Getting to Know Your Tea Cup

How to Care For Your Tea Treasures

 

All tea cups are beautiful and have their own stories behind them.  Whether you are a collector or a tea lover, learning about anything tea-related can be fun!  However, sometimes things can get confusing when you see words such as "vintage, porcelain, bone china, and fine bone china."  Please know that I am not an expert in the production of tea cups but this is what I have found through my online research:

 

VINTAGE:  Refers to an item that is decades old but not antique.

 

ANTIQUE:  An object that is 100 years old or older.

 

CHINTZ:  An all-over floral pattern.

 

PORCELAIN:  We get porcelain as a result of heating ceramic materials at high temperatures.  These materials can be molded into various shapes creating beautifully shaped tea cups. The finish of the vessel is harder than bone china but can also be more brittle due to its hotter firing temperatures.  This ceramic process results in thicker and heavier tea cups.  

 

 BONE & FINE BONE CHINA:  Bone china has an interesting history.  In 1748, a London man named Thomas Frye began using bone ash from cattle as an ingredient to his porcelain work.  He used up to 45% bone ash and produced items of excellent quality.  It was not, however, a great success in his business.  Years later, Joseph Spode developed a formula with the bone ash that became extremely successful.  The higher amount of ash makes the finished cup more chip resistant. The materials and process to make fine bone china are expensive which explains the higher cost of the cup. Bone ash enhances the china by its ivory white appearance.  It's also lighter and feels more delicate than porcelain cups. A test to see if your cup is actually bone china is to hold your china up to the light.  You should be able to see the light through the china. As far as I can find out, there is no difference between bone china and fine bone china.

 

DOES IT MAKE A DIFFERENCE TO MY TEA?

 

No!  Whether you are drinking your tea from a porcelain cup or bone china makes no difference to the flavor of your tea.  Neither does it affect how the cup holds the heat.  It truly comes down to your personal preference.  I use porcelain for daily tea and use my bone china when I want to make a regular moment more special!  I wholeheartedly agree with The Tea House Times when they said, "The finest china is bone china with its translucency and a distinct chime unequaled by any other pottery."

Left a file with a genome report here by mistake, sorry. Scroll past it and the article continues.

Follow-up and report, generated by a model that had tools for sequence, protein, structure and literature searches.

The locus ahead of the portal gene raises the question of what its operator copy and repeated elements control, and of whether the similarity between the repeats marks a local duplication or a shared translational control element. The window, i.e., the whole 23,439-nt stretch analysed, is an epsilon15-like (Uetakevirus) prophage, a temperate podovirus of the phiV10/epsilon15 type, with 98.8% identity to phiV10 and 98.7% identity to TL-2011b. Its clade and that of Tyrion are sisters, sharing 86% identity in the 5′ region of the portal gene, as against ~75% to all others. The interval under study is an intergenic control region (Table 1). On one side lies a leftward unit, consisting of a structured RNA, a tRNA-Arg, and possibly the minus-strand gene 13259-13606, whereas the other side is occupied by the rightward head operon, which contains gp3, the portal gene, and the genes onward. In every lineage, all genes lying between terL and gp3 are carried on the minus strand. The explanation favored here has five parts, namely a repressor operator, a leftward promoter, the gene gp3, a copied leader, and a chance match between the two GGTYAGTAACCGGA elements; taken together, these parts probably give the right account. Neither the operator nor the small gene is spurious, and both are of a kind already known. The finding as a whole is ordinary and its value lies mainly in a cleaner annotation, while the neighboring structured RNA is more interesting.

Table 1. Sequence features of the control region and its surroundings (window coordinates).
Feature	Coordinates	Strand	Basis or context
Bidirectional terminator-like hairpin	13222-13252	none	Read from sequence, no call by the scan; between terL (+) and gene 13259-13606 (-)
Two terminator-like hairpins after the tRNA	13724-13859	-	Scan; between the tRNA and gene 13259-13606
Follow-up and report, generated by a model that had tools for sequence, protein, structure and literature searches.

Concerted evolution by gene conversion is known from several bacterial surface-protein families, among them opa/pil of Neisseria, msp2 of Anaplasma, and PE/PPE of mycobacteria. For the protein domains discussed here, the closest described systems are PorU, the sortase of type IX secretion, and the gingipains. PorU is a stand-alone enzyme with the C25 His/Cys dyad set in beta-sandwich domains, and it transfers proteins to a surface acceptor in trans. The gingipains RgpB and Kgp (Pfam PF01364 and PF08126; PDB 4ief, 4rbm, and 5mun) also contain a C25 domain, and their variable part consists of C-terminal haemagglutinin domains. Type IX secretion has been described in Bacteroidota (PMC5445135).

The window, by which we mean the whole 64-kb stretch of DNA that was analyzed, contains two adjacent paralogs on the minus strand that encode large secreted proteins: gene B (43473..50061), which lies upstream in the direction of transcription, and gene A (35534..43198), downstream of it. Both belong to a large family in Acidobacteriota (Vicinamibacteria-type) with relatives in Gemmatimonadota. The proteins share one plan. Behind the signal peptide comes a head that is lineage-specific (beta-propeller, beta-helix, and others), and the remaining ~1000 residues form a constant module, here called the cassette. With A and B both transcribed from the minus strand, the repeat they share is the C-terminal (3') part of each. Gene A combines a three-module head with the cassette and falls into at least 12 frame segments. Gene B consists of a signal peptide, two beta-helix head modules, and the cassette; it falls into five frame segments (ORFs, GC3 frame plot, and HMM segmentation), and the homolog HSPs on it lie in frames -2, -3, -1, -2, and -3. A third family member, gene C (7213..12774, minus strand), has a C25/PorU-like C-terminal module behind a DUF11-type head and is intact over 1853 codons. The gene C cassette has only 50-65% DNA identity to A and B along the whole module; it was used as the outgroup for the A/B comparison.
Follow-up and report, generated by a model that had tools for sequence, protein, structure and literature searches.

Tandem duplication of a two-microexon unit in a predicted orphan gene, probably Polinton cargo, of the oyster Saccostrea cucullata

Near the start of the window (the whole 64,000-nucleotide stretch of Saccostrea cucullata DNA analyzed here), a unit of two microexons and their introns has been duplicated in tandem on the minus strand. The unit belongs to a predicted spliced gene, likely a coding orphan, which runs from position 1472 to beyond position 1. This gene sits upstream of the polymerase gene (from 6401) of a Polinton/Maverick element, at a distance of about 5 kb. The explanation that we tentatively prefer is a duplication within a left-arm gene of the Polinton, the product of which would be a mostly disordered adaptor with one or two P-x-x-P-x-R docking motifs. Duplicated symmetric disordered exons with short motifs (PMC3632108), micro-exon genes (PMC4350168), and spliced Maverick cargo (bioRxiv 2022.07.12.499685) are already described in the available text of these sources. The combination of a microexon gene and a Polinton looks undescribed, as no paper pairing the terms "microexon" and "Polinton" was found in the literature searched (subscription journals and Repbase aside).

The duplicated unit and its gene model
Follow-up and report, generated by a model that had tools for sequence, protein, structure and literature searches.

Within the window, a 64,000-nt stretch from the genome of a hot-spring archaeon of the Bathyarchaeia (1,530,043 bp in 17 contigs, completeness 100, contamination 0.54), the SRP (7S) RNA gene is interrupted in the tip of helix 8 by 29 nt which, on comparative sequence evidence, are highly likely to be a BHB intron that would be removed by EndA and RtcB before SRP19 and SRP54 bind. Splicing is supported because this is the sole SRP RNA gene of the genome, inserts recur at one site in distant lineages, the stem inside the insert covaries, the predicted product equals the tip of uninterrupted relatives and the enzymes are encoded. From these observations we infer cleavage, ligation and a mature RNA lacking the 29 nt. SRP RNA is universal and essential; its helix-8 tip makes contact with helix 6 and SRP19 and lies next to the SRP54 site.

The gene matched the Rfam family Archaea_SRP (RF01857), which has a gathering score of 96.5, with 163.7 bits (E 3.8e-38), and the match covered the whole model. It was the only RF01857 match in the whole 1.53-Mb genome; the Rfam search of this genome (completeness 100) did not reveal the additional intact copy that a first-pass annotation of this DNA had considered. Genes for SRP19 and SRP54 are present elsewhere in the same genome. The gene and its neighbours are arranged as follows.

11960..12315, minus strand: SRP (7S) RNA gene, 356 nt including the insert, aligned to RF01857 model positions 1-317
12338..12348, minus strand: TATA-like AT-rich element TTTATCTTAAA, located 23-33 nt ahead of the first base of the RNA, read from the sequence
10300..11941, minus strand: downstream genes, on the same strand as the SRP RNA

CARING FOR YOUR TEA CUP:

 

Even though some china is considered dishwasher/microwave safe, I recommend that you never put your beautiful tea cup in them because the soap may cause damage to the cup over time.  They also may be bounced around and cause cracks or chips.  If your cup has gold trim it may become damaged in the microwave.  Hand washing your cups in hot water with mild soap is recommended.

 

 

FOR STAIN REMOVAL:

 

Combine 1 gallon of warm/hot water with 1/4 cup baking soda.  Fill the tea cup(or teapot) with the water and let it soak for one hour.  Do not immerse the cup in dishwater.  If it is not clean enough for you then add a small amount of vinegar or lemon juice then rub the inside of the cup with your fingers. Rinse with cool water and let it air dry.

 

 

 

 

 

 

 

 

Click Here to watch a great video on how they make The Royal Collection fine bone china.

 

 

 

 

 

 

 

 

 

Resources:

 

teasenz.com

thespruce.com

lenox.com

noritake.com

theteahousetimes.com

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